Fusing technology with tradition
28 Sep 2020
Local Land Services NSW has long been passionate about supporting Aboriginal people to care for Country through Aboriginal Elders sharing their traditional land management and ecological knowledge with the younger members of their community. Recently, Hunter Local Land Services approached the Centre for Advanced Training Systems (ATS) to explore the possibility of creating an interactive program to increase awareness about cultural burning.
Senior Land Service Officer Toby Whaleboat approached the Centre with a vision of how to increase awareness and create a deeper understanding for both trainees and the general public about cultural burning practices. The project will involve a close collaboration between Hunter Local Land Services, the Centre for Advanced Training Systems and key local stakeholders including Local Aboriginal Land Councils.
Cultural burning refers to the traditional Aboriginal practice of using burning methods to improve the health of the land and its people. It can include burning or the prevention of burning to improve the health of specific native plants and animals in bushland. The relevance of these approaches have been highlighted by the recent catastrophic bushfires.
Speaking about the project, Toby says “We see the project as important because there have been increased interest from the wider community about Cultural Burns and how the techniques could better manage our landscapes. This project will assist in increasing the awareness of Cultural Burns and suggesting how we can work with and support our Aboriginal communities as they lead the way with Cultural Fire knowledge developed over thousands of years to assist the wider community to better understand and look after country”. ATS Director Professor Rohan Walker agrees, saying “We are proud to be helping Local Land Services to achieve their vision of transforming how we transfer and increase awareness around the practice of Cultural Burning. It is a fantastic initiative.”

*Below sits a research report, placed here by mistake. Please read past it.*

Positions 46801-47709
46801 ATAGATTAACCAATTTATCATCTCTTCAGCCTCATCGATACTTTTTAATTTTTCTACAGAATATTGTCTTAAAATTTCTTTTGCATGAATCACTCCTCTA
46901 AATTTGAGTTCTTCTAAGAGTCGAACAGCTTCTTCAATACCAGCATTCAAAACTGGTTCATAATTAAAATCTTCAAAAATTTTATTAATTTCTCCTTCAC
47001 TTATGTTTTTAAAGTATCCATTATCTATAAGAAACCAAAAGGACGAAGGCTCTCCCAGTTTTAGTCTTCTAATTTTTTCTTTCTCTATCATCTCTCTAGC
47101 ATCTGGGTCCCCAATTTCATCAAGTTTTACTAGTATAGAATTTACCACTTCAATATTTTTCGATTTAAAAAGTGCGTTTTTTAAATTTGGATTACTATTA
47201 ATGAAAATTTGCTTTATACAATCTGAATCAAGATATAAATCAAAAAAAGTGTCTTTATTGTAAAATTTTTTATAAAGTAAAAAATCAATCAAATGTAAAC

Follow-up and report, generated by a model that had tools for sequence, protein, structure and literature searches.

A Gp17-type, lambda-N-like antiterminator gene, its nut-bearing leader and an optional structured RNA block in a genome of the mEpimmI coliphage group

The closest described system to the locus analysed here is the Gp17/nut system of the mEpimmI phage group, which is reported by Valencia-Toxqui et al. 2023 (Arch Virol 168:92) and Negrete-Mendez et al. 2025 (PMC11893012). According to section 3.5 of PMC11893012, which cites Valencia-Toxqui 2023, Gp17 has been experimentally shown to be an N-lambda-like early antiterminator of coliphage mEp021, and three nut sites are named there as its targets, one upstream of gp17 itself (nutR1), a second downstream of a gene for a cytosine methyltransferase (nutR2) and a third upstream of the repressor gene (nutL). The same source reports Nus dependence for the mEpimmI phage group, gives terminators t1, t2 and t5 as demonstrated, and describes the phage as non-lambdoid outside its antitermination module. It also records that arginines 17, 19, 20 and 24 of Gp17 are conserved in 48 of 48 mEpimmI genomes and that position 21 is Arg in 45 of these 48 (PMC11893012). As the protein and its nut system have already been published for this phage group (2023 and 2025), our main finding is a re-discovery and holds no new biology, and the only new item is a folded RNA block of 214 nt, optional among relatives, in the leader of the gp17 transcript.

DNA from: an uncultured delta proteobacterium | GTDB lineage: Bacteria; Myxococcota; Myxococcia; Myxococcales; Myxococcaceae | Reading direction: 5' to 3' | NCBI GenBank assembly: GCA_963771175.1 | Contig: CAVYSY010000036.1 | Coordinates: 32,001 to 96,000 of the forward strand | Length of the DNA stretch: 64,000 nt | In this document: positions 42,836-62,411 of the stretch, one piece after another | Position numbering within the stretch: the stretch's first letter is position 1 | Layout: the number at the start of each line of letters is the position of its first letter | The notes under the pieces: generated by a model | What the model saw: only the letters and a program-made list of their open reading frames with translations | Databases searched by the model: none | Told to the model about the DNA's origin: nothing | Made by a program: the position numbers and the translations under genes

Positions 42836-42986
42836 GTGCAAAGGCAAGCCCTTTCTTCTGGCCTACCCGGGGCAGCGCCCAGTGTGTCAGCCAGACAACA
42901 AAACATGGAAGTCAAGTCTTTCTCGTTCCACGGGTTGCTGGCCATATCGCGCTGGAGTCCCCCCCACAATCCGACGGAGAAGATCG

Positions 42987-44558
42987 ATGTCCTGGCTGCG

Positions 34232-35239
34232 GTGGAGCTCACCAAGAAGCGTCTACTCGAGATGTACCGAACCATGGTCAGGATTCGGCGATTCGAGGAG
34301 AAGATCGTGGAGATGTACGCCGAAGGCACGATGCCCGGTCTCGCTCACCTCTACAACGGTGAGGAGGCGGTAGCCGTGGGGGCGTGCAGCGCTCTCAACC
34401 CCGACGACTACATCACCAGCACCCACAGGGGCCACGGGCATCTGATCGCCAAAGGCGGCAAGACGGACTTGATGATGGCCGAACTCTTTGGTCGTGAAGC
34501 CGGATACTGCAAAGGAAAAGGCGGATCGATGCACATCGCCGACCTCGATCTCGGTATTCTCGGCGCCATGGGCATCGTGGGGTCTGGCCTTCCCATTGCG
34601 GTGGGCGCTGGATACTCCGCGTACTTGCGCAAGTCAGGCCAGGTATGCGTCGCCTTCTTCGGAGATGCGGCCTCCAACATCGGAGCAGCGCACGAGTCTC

As the first step in the project, ATS members Dr Steven Maltby and Dr Murielle Kluge were recently hosted on-site in Blacksmith by Kentan Proctor, on behalf of the Bahtabah Local Aboriginal Land Council landowners. While on site, they captured images and video to document the effects of a burn conducted in 2019, and to understand logistics for a planned future burn. The planned burn will also be documented to include in the educational resource.
As the project continues, audio-visual content will be developed to be viewed in a virtual reality headset. This will provide an immersive and engaging educational tool that can be used to promote awareness and support training. ATS looks forward to providing updates on the project as it progresses and to working with local communities to inform development.
The ATS respectfully acknowledges the traditional custodians: the Awabakal people on whose traditional land the visited site is located and acknowledge the Bahtabah Local Aboriginal Land Council the landowner.
Learn more about ATS projects on their website: https://www.advancedtrainingsystems.org.au/projects/